Tuesday, November 6, 2012

Mostly Midwestern Thing

When we lived in Indiana, I always noticed two things on the menus whenever we went out to eat.  One was grits, the waiters and waitresses would always ask: "Would you like fries or grits with that?"  I'm not a big grits fan, even though my grandfather loved them for breakfast, but the other item on almost every menu, I did grow to like quite a bit.  That item was pork tenderloin sandwiches.  This is something Steve grew up with and almost always ordered each time we were out.  I never knew much about pork tenderloin sandwiches, but in Indiana's defense, whenever I'd ask for gravy on my french fries, I got funny looks, must be that one is mostly an Eastern thing.  So I guess we are even.  Here is our recipe for pork tenderloin sandwiches.

Start with however many pork tenderloins you want to make.  Take each one, place it between plastic wrap and pound them until they are about 1/4 inch thick, the thinner the better.  

Place them in a bowl and cover them with buttermilk.  If you cannot get buttermilk you can use one tablespoon of vinegar to one cup of regular milk, that works fine as a substitute.  Let the meat soak overnight, if you can, or all day while you are at work.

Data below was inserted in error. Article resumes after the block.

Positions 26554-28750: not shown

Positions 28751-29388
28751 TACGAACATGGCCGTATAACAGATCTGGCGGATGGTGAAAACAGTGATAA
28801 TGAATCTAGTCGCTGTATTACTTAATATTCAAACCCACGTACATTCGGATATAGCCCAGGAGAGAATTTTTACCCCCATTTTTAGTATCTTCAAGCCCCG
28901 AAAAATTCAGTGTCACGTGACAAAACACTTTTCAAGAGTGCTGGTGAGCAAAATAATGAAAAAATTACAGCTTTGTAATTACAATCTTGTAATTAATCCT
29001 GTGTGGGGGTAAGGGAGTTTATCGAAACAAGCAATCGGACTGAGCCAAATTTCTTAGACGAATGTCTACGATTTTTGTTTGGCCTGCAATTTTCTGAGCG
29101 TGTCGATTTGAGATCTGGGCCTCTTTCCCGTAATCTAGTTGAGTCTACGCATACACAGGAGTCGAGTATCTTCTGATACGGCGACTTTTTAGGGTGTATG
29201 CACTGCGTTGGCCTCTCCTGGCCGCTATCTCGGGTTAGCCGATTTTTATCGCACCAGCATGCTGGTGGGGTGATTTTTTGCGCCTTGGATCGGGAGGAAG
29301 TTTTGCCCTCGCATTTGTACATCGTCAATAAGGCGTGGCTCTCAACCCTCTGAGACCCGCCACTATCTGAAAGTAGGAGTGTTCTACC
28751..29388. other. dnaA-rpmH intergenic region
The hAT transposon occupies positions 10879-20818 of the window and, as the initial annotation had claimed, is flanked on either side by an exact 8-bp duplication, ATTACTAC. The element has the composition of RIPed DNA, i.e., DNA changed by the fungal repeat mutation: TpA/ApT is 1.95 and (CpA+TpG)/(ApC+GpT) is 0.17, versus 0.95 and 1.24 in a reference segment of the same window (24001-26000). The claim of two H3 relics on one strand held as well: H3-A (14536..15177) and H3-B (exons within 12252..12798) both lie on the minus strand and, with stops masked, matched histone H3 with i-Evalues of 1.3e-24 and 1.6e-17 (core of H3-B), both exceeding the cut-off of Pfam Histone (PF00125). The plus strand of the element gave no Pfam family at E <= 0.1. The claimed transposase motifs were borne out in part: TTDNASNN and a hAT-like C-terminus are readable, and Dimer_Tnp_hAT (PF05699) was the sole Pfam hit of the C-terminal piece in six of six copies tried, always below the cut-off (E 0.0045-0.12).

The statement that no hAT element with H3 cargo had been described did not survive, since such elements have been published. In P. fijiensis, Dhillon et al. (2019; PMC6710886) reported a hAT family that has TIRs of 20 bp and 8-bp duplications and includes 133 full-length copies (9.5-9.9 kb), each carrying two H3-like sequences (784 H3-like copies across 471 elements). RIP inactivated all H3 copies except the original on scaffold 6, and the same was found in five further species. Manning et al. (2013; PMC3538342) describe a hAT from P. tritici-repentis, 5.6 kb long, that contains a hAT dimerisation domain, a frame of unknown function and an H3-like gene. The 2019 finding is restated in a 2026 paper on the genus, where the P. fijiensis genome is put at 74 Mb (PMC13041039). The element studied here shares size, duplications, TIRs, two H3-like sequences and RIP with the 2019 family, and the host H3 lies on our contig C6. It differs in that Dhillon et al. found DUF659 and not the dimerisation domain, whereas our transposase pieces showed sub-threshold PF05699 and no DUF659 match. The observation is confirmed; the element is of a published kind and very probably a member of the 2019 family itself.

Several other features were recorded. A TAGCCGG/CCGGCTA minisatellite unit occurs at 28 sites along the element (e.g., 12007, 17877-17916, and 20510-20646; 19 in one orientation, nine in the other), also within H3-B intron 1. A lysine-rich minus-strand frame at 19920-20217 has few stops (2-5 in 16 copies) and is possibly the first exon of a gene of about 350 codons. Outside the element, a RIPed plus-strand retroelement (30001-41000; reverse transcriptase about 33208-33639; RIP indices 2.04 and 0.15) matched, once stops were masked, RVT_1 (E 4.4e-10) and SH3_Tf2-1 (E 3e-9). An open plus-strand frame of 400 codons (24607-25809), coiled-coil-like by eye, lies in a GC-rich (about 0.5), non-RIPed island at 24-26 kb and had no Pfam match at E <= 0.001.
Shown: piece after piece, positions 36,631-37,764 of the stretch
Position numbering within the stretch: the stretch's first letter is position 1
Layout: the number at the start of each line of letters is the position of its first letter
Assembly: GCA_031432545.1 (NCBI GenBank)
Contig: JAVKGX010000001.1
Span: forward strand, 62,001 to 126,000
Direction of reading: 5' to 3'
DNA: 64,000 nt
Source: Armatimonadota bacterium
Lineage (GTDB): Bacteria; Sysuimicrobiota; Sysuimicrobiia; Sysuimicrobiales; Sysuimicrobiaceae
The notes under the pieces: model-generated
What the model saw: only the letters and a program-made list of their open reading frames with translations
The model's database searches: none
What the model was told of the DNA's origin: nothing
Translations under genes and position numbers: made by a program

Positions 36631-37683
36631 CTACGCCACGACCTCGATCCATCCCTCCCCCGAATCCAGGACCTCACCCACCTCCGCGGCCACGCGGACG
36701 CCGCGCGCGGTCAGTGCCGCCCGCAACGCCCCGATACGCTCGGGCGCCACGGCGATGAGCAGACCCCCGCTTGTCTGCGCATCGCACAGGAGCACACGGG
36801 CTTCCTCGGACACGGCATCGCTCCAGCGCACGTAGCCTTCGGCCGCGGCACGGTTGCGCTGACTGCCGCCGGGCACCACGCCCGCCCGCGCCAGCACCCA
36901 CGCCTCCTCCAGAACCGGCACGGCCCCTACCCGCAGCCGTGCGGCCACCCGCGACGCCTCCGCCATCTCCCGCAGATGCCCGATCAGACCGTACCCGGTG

For the coating you will need:

1/4 teaspoon garlic powder

1 teaspoon onion powder

1/4 teaspoon cayenne pepper

1 cup flour, depending on how many you need to coat

2 beaten eggs

1 cup bread crumbs, either seasoned or plain, your preference, (hint: Panko bread crumbs will make a crunchier end product).

Add all the spices to your flour mixture.  Take the meat, one at a time, from the buttermilk and dip each one in the seasoned flour mixture first, then the beaten eggs, and finally coat with bread crumbs. 

Fry each tenderloin in your deep fryer, electric frying pan or stove top pan until each side is nice and brown.  

Place each tenderloin on toasted french bread, toasted garlic bread or on a hamburger bun.  We like ours topped with ketchup, mustard and dill pickles.  You can also add lettuce and tomato if you like.  We serve them with steak fries on the side and you can use whatever sides you like. 

We usually saw these tenderloins on the breakfast menu with white gravy on the meat and a couple of eggs and toast on the side.  They are wonderful that way too.

It has been our dream for the past ten years to own a nice little diner, serving down home cooking.  In the Midwest I came to appreciate those small diners dotted along the highways and in small towns whenever we traveled.

I hope you enjoy this recipe.